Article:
Interview: Elinor Carucci
The photographer has taken a series of intimate and very candid photos
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Elinor Carucci and child in the bath: The exhibition features intimate portraits of her family
Earlier this week an exhibition of photographs by American-Israeli photographer Elinor Carucci, entitled Intimacy, opened at the James Hyman Gallery in London. Many of the moments that she records show scenes that others would probably prefer to remain private; rituals of personal hygiene, moments of marital crisis, portraits of her and her family naked.
Carucci was born in Jerusalem in 1971 but has lived in New York since the mid-1990s. She started taking photographs of her family while still in her teens. “I was very young when I started,” she explains. “I was just 15 when I picked up my father’s camera for the first time. He was an amateur photographer. I was just at home doing nothing and my mum woke up from an afternoon nap and I took her picture. I started taking photos without knowing much about photography.’
So why does she photograph her family so much? “I don’t really have an answer,’ she admits. “It fills a need that doesn’t go away. I do it because I want to and need to. It helps me know who I am. All of us, whether we are professional photographers or not, use photography to keep moments we don’t want to lose.” She stresses that she could not take these kinds of photographs of other people. “My way of photography is so personal. I can’t go that way with others.”
It was this emphasis on the family that interested gallery owner James Hyman. He says: “I was attracted by the way Elinor presents her own family, the different generations, and intimate events big and small. What is especially significant is the way in which she emphasises her own place; her position as daughter, wife, mother. “It is a surprise to me how rare it is to have an artist respond to their family. I don’t have a thesis on this but the closeness of family, whether positive or negative, may have a particular Jewish resonance.”
Many of the photographs show Carucci with other members of her family either naked or just dressed in underwear. Some viewers might find these photographs slightly disturbing, but for Carucci, nudity is natural: “Being naked around my mother, my grandmother and aunts seemed so normal. It was only when I came to America that I met people who had never seen their mothers naked.” The case is slightly different with regard to her father. “Being nude around my father was a bit less common but it happened. However, when I bring a camera into a room to photograph the two of us I know I am pushing boundaries.”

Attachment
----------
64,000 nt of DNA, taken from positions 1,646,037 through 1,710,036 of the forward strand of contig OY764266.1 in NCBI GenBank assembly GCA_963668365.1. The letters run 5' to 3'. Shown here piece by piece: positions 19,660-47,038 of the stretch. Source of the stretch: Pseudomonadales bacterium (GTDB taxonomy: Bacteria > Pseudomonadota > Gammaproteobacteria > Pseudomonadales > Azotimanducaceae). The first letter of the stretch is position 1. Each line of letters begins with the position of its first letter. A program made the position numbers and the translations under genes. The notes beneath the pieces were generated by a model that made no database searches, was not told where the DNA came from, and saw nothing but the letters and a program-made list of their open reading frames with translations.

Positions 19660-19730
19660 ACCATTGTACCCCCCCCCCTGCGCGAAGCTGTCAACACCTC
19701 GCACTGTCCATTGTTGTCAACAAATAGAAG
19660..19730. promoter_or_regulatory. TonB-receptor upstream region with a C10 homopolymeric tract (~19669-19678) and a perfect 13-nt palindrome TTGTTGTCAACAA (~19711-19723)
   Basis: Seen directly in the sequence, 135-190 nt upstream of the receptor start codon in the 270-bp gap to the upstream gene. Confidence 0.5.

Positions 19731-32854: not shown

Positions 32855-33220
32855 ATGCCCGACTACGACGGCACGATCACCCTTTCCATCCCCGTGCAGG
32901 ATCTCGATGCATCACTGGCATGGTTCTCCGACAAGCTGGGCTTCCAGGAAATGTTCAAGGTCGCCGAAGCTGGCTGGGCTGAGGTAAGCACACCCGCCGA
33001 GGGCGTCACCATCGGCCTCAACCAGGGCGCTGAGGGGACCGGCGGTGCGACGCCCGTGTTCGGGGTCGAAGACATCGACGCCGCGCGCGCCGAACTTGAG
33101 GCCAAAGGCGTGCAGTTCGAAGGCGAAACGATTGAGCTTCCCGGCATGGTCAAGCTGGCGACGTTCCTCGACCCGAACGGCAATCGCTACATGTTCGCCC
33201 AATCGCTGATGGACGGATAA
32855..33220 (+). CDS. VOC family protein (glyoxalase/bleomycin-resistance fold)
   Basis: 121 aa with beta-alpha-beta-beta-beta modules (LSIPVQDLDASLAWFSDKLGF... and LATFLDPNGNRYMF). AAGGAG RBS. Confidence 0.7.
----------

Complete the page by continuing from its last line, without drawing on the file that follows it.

Some of her photographs are extremely personal. She photographs her menstrual blood, the plucking of a hair from her nipple, the scars from her Caesarian. One wonders if for Carucci there are any taboos, any areas that she will not explore. “Flaws in my body, going through childbearing, having a C-section. These things shouldn’t be taboo.” However, Carucci reveals that although she photographed her grandmother while she was dying, she has not yet exhibited these works. “I will eventually show them. But at the moment it is so painful to look at the work. I just have to wait a few more years.”
Many of Carucci’s works show the attempts women make to change their appearance, from bleaching, plucking and waxing body hair to the marks made by restrictive underwear, to the rituals of make up. Is she making a feminist point? “It is very complex,” she acknowledges. “I don’t take the photos and then go out without make-up, leaving all my body and facial hair. I do pluck, I do put on make-up. I try to be beautiful according to what beautiful is in the 21st century. I am showing the struggle and complexities of being a woman.’
Although Carucci has lived in New York for many years, she still feels very close to Israel and spends at least two months a year there. “Every couple of years, I have this crisis about whether I should go back or not.”
Although she is interested in exploring her homeland she wants to steer clear of overtly political issues. “I could find a niche that is personal if it interests me and Israel does interest me.” Some ideas for possible projects include documenting Arabs and Israelis who are in relationships or exploring the lives of other Israelis who live abroad.
Daughter Emmanuelle having her hair cut 2007
Five years ago, Carucci gave birth to twins. How has motherhood changed her work? “I feel that the early days were the most extreme months in my life. Joy and love coexisted with pain and anger and exhaustion. The experience pushed my work to emotional extremes.” Carucci’s most recent body of work focuses on her children. “I could not control my work. I could not direct them in any way. There was no collaboration because they were so little.” These photos are very different from most family snapshots. She focuses in on snotty noses and tearful eyes, views that all parents of young children will recognise even if they do not choose to record those moments themselves.
Charlotte Cotton, Creative Director at the National Media Museum in Bradford and author of The Photograph as Contemporary Art, is an admirer of her work. “Elinor is working within a tradition of autobiographical photography, a strain that took off in the 1990s. She is astute in being able to present psychological and harsh realities of everyday situations. She gets the balance absolutely right.”
Elinor Carucci. Intimacy continues at the James Hyman Gallery, 5 Savile Row, W1 until February 20